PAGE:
2021-05-14, updated: 2022-08-10
Tested with Nyxt 2 Pre-release 7.
For an introduction to the prompt buffer features and background story, see our other article.
In this article, we will review the API of the prompt buffer and see how the user can leverage this to write a custom prompt buffer.
API and customization
A prompt buffer is invoked with the
prompt command. For instance, in
set-url we can find:
(prompt :prompt "Open URL" :input (if prefill-current-url-p (render-url (url (current-buffer))) "") :history history ;; `actions' are defined elsewhere, more details below. :sources (list (make-instance 'new-url-or-search-source :actions actions) (make-instance 'global-history-source :actions actions) (make-instance 'bookmark-source :actions actions) (make-instance 'search-engine-url-source :actions actions)))
The only required parameters are
:prompt and the
Much of the prompt configuration actually happens in the sources themselves.
A source is just a class that inherits from
prompter:source. For instance the aforementioned
global-history-source could be defined with
(define-class global-history-source (prompter:source) ((prompter:name "Global history") (prompter:constructor (lambda (source) (declare (ignorable source)) (history-initial-suggestions))) (prompter:filter-preprocessor nil) ; Don't remove non-exact results. (prompter:actions '(buffer-load))) (:export-class-name-p t))
The required slots are
prompter:constructor. The latter provides a list of initial suggestions. If a list, the suggestions are immediately available. If a function, the initial suggestions are computed asynchronously, which is useful to avoid delaying the prompt display in case the initial suggestions take time to compute.
Actions are provided as a list of commands via the
prompter:actions slot. The above source has one action by default. It's possible to locally extend sources when invoking a prompt. For instance, in
set-url we have
actions is passed to the various source instantiations as in:
An action is either a well-named command, as with buffer-load, or a locally-defined command like in the previous snippet.
Some more details are needed here:
define-commandand returns a
commandobject without defining it globally.
new-buffer-loadabove won't be listed in
make-unmapped-commandtransform a function into another one that takes a list as argument and runs the original function over the first element only.
Since prompts always return a list of suggestions (even when there is only one selected suggestion), this macro comes in handy to run existing functions over lists of 1 element.
Suggestion values are arbitrary objects: strings, numbers, URLs, structures… For compound structures, it's interesting to display the various parts of the objects (for instance, display the slots of a class).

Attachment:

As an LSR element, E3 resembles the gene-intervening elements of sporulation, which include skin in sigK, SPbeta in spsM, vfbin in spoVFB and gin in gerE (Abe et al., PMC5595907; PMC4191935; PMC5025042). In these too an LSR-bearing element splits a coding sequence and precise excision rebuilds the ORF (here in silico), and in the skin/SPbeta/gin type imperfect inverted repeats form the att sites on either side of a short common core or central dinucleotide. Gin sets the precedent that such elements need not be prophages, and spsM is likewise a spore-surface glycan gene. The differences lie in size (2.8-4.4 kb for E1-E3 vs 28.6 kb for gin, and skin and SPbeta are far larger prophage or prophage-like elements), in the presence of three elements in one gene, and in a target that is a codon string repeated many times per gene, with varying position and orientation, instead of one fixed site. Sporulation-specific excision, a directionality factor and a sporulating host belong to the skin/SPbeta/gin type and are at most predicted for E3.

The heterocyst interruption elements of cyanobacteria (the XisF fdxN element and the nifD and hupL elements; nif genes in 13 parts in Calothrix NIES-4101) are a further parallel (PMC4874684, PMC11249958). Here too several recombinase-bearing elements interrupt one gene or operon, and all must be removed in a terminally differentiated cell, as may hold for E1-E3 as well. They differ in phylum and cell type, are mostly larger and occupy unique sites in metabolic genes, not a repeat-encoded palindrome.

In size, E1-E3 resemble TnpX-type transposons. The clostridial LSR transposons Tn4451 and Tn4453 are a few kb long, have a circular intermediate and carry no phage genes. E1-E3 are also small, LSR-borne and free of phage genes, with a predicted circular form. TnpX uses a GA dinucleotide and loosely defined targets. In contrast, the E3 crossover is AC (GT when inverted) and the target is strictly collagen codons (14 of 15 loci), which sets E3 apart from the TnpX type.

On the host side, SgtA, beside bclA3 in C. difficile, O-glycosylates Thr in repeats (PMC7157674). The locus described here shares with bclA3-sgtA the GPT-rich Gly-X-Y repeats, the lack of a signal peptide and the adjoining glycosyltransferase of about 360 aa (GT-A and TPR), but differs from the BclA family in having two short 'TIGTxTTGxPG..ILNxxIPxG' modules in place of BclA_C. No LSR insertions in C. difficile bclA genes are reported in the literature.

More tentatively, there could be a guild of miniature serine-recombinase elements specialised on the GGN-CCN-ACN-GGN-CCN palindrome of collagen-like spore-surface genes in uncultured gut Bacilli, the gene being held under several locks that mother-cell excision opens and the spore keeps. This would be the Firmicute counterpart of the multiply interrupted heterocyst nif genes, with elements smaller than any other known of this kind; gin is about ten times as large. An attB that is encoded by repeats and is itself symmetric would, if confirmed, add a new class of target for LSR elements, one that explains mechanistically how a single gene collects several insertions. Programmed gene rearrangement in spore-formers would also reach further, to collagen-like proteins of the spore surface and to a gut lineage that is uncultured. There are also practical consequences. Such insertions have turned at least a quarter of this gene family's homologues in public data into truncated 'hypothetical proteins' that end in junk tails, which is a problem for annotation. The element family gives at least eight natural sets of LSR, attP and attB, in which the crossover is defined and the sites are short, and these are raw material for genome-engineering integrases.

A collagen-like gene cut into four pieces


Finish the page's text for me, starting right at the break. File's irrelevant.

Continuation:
This is where the
prompter:object-attributes method comes into play. The
global-history-source above lists suggestions of the
history-entry type. To display something more meaninful than a bunch of
in the prompt buffer, we can specialize the aforementioned method:
Now the suggestions are printed as
https://example.org Example Domain https://nyxt.atlas.engineer Nyxt ...
and all columns are automatically aligned for you!
Filters (suggestion processing)
Whenever the user inputs a character in the prompt buffer, the suggestions of all sources are processed.
prompter:filter-preprocessoris called on the whole list of suggestions. In particular, this means that the preprocessor can remove duplicates.
The source won't display anything until the filter-preprocessor is done.
prompter:filteris run over the suggestions returned by the preprocessor, one after the other.
This per-suggestion stepping allows the source view to update its display at regular intervals until all suggestions are filtered.
This filter function is particularly useful to score suggestions by relevance.
prompter:filter-postprocessoris run of the result of the filter, this time again over the entire list at once.
Once again, the source view is only updated when the postprocessor is done with the whole list.
The prompter is said to be ready when all its sources are ready, that is, when the preprocessor, the filter and the postprocessor have terminated for a given user input.
Internally, when the prompter filters and sorts suggestions, it wraps the list of initial values (arbitrary objects) into
It could be defined as follows:
(define-class suggestion () ((value nil :type t) (attributes '() :documentation "A non-dotted alist of attributes to structure the filtering. Both the key and the value are strings.") (match-data nil :type t :documentation "Arbitrary data that can be used by the `filter' function and its preprocessors. It's the responsibility of the filter to ensure the match-data is ready for its own use.") (score 0.0 :documentation "A score the can be set by the `filter' function and used by the `sort-predicate'.")) (:documentation "Suggestions are processed and listed in `source'. It wraps arbitrary object stored in the `value' slot. The other slots are optional. Suggestions are made with the `suggestion-maker' slot from `source'."))
This is useful to store information through the processing pipeline described in the previous section. For instance, the filter can calculate and store the score of each suggestion, in the
score slot, which in turn is readily available to the
filter-postprocessor for sorting and whatnot.
We hope this inspires you to write awesome configurations and, why not, extensions for Nyxt!
Thanks for reading :-)
Did you enjoy this article? Register for our newsletter to receive the latest hacker news from the world of Lisp and browsers!
- Maximum one email per month
- Unsubscribe at any time